Jailed for six years: Fraudulent property director with six aliases

Jailed for six years: Fraudulent property director with six aliases


A property company director, who had at least six different aliases, has been sentenced to six years in prison after being found guilty of ‘incomprehensible dishonestly’.

Huntingdon Crown Court sentenced Richard Neil Grout for fraud; fraudulent trading; failing to cooperate with the Official Receiver (Northampton); perjury and acting as a director of a company whilst disqualified.


The criminal prosecution by the Department for Business, Innovation and Skills followed an investigation by The Insolvency Service.


Glenn Wicks, Deputy Chief Investigation Officer for BIS said: “The length of the sentence handed down to Mr Grout sends a clear and simple message - breaching bankruptcy laws, fraudulent behaviour and perverting the course of justice are serious matters which will not be tolerated and anyone found guilty of these criminal offences can expect a serious punishment.”


Mr Grout, 47, from Milton Keynes, commonly known as Richard Van de Groot, but with six other aliases; Richard Van Der Grout; Richard de Grout; Richard Winters; Richard Van der Saar and Reuben Bilj, pleaded guilty to 12 criminal charges.


He admitted he set up and ran a number of businesses including UIC Limited; Concourse Property Limited; Woburn Property Limited and Equus Areans Limited in a way that was deceitful and put the company’s creditors at risk.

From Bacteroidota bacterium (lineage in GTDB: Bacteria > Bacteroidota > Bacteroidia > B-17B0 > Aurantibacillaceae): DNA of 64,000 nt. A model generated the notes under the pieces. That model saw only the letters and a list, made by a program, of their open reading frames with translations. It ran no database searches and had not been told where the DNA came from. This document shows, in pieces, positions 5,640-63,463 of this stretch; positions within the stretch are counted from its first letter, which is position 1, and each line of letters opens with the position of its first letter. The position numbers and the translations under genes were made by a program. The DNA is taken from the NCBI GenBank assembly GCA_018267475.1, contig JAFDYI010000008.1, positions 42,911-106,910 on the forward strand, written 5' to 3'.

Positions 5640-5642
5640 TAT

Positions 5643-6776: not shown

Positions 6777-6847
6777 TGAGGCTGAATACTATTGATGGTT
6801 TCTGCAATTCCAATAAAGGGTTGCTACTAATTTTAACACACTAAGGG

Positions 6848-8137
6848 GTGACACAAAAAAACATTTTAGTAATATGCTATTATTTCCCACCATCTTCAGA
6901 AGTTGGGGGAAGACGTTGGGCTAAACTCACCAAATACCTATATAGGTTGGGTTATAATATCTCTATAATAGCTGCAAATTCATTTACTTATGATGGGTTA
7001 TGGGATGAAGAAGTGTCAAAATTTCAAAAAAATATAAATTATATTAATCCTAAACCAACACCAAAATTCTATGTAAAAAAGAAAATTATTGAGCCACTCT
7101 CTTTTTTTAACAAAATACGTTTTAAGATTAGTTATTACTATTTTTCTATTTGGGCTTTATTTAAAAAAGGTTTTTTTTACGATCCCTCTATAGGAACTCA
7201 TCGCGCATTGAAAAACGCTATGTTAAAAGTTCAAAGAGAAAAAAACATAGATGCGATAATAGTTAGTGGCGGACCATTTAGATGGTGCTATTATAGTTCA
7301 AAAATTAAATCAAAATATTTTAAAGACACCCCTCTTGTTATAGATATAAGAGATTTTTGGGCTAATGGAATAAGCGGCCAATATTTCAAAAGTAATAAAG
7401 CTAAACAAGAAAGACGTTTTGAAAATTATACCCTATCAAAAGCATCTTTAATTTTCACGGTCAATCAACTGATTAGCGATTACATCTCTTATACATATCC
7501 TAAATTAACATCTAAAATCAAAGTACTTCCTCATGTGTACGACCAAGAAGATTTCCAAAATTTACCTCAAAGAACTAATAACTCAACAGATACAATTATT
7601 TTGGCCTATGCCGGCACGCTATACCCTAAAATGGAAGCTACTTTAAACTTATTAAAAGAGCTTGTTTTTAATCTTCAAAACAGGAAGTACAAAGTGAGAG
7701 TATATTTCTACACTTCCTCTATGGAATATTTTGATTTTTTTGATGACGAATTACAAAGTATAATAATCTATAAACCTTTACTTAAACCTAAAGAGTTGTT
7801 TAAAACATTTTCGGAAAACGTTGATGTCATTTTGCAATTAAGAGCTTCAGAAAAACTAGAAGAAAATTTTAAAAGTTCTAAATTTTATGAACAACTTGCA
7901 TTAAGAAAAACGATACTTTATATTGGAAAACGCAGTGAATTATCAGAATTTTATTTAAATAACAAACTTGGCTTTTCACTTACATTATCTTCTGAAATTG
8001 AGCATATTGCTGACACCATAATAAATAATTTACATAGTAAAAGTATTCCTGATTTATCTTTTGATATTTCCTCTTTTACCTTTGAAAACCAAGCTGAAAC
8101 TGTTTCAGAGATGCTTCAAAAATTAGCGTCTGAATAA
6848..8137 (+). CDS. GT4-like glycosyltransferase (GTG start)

During his business activities Mr Grout claimed memberships of certain trade bodies when no membership existed and alleged to make payments by cheque knowing the accounts the cheques would be drawn on were closed.


The court also heard that Mr Grout acted as director of a number of companies even though he was bankrupt and therefore disqualified from doing so. He hid his bankruptcy by using different names on company documents than the name the bankruptcy order was in.


To provide appropriate proof of identity Mr Grout went to the effort of changing the names on his passport and driving licence several times.


As well as being given a prison sentence, Mr Grout has been further disqualified from acting as a company director for 10 years. After hearing how a number of his businesses had collapsed owing creditors tens of thousands of pounds, and employees their wages, Judge Coleman said he “showed a flagrant disregard for proper business practice” and “created emotional turmoil for his employees”.


Stephen Speed, Chief Executive of The Insolvency Service, said: “Any company or individual who had the misfortune to do ‘business’ with Mr Grout should be reassured by the sentence he received today. The Insolvency Service works hard to remove dishonest, reckless and irresponsible people from the business environment and when we find wrong doing the consequences can be serious as Mr Grout has found out, reflecting the importance of the insolvency regime.”


By Shelley DeBere

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